A few days ago, there was a little drama that took place on the main road where the office of the Mylapore Times is located.
Black jelly spurted from the tarred road, flames shot up, the smell of burning wires enveloped the place and smoke swirled up.
Once again the local power cable which supplies power to our building which is set in a complex owned by Chennai Corporation had crumbled, unable to handle the load required to keep over 30 shops and offices going.
The impatient, evening rush-hour traffic smothered the drama and we resigned to the inevitable - working in the sweltering heat and under emergency lamps and in candle-light.
We have learnt to work around the daily dose of hour-long power cuts. And when the unofficial ones strike us, I some times choose to go up to the terrace and sit under the canopy of a Rain Tree that rises from the neighbour's compound and spreads across our terrace.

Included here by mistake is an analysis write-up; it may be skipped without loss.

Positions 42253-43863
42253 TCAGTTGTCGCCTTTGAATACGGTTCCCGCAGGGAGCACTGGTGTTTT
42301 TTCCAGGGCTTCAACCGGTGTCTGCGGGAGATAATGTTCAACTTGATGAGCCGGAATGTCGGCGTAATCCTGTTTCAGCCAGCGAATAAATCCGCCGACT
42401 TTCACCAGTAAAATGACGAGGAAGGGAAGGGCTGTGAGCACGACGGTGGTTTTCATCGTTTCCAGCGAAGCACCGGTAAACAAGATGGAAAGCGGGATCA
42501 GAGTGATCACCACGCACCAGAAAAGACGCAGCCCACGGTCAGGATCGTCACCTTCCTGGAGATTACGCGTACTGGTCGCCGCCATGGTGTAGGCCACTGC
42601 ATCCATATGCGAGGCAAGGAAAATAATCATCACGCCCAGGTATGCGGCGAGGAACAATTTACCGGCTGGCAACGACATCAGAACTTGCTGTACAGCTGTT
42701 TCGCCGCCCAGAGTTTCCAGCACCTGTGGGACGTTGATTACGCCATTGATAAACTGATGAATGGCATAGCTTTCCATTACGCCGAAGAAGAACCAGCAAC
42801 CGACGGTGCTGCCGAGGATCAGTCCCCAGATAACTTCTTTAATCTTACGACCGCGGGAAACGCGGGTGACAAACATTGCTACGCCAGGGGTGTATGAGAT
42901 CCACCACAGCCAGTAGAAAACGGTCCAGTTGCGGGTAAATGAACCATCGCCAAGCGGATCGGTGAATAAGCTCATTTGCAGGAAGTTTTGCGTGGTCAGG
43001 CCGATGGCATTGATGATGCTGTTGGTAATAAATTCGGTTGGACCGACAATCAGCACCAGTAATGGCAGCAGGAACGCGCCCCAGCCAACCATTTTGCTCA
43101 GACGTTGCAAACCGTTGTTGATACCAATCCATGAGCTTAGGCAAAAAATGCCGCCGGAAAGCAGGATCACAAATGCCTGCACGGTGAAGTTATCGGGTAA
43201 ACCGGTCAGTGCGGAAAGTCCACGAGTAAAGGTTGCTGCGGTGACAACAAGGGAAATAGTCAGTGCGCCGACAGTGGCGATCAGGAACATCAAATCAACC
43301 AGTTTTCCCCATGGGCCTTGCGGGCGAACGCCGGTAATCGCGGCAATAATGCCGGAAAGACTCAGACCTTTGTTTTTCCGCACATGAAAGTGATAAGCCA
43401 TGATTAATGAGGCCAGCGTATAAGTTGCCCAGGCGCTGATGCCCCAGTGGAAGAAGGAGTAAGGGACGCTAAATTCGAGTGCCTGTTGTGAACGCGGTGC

If the sea breeze sets in in the afternoon this is the place to be.
During one recent break on the terrace, I mused over the idea of fixing solar panels to draw natural power for our Macs and making little of the current power crisis.
Perhaps, if we did this we could convince a few others in this complex to adopt the technology. And get the Chennai Corporation Commissioner to acknowledge this effort!
There are a few simple ways in which civic and community issues can be addressed locally.
The effort is missing or is rather lame.
Recently, a resident of the Adyar neighbourhood wrote to the 'Adyar Times' newspaper to highlight the practise of local shops using all the lights and neon signs they had fixed inside and outside their shops at a time when we are facing a sever power crisis.
This was a timely point to make.
But did the Electricity Board officials of Adyar get to read this letter?
If they had, they could have started an informal campaign to coax shops to switch off their 'decorative' and promotional lighting and thus save some power.